Hospital doctors signed elderly woman’s ‘death warrant’
Posted: November 5, 2013
Posted in: Medical Negligence Wrongful & Accidental Death
After 79-year-old June Brook was admitted to the Royal Bournemouth Hospital with sickness and diarroea last month, doctors at the hospital signed a ‘do not resuscitate’ order without the approval of her or her family. During her stay, it was granted by doctors that if her condition worsened, it would be a case of allowing her to die. Paperwork stating that the order had been issued due to her family not being present was discovered in Mrs Brook’s handbag after she had been discharged from the hospital.
The order found in Mrs Brook’s handbag had been signed by two doctors, dated the 10th of October 2013, stating that CPR would not be required for Mrs Brooks as she suffers from dementia. The hospital has apologised for these findings and has promised to carry out a full investigation into the nature of this documentation.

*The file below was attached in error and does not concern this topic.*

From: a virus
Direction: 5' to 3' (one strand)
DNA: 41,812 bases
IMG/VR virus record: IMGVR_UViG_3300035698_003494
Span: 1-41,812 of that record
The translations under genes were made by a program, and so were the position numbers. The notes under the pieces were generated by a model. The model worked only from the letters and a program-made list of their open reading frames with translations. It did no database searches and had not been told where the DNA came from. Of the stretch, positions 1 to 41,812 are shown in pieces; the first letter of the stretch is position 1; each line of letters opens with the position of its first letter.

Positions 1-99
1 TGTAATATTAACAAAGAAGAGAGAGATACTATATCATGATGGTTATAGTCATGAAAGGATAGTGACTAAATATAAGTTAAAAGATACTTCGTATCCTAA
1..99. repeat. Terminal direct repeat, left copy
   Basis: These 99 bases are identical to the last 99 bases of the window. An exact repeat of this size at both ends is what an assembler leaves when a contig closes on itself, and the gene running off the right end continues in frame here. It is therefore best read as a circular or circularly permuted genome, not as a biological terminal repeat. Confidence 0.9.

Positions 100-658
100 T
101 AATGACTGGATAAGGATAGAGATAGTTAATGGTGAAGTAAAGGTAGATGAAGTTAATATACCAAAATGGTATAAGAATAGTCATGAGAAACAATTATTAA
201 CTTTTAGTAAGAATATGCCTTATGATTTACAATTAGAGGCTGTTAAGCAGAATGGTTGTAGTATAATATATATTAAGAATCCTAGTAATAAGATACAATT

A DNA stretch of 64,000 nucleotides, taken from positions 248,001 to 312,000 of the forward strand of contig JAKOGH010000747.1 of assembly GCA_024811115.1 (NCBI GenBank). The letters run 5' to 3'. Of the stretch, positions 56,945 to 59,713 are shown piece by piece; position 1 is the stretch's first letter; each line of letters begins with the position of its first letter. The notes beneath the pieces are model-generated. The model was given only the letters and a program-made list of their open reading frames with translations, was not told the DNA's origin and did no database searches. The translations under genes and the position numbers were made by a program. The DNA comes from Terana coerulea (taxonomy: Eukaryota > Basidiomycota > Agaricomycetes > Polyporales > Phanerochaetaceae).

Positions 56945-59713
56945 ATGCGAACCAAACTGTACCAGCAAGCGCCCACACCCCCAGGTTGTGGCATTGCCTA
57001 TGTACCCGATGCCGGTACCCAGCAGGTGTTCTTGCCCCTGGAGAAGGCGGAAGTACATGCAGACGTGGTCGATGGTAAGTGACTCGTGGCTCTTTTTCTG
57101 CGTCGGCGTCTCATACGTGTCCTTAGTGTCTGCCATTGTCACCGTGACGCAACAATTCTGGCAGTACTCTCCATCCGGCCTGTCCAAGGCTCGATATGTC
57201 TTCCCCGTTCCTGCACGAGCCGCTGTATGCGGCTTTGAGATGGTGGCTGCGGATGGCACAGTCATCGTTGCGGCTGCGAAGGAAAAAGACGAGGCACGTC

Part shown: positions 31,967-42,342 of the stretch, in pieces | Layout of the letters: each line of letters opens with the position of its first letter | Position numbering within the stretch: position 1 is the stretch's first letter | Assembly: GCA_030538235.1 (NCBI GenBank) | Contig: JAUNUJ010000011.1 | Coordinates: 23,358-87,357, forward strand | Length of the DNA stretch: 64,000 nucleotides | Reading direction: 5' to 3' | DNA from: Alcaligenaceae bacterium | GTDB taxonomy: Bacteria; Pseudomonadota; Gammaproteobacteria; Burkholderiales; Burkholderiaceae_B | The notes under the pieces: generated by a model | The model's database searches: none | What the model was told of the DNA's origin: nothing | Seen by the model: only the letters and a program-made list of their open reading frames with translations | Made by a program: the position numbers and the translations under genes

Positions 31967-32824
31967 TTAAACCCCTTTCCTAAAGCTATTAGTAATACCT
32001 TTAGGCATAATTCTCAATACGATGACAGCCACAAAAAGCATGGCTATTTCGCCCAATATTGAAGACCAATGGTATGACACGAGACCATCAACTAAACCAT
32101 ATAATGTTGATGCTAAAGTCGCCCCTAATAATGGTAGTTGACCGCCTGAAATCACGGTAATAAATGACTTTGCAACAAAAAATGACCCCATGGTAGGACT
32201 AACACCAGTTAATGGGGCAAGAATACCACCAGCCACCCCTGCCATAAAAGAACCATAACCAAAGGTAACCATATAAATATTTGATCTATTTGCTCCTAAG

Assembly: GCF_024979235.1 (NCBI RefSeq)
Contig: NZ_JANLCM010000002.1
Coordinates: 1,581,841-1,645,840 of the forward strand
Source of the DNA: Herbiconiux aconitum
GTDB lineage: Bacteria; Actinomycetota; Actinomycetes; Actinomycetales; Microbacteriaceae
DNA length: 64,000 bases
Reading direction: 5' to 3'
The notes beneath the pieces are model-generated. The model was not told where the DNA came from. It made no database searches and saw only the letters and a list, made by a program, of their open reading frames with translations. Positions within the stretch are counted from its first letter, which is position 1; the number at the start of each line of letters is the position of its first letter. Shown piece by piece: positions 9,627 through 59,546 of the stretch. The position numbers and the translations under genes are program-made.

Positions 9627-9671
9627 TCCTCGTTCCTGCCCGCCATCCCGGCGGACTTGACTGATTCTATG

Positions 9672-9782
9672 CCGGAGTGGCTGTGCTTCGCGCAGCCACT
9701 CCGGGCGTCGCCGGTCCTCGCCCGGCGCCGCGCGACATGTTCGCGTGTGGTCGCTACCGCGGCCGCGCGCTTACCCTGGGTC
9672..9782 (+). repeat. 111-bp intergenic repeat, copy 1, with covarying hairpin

‘To me it looks like a death warrant’
Mrs Brook’s son, Kevin Brook, is appalled by this judgment and said: “It would basically have meant that they would have not resuscitated her, and she would now no longer be with us … to me, it looks like a death warrant.”
A hospital spokesman has confirmed that if a doctor has made a medical decision regarding whether or not a person should receive CPR, the patient and family should be consulted and are entitled to an opinion concerning this judgment. Mrs Brook is currently back at home with her son and is in fine health.
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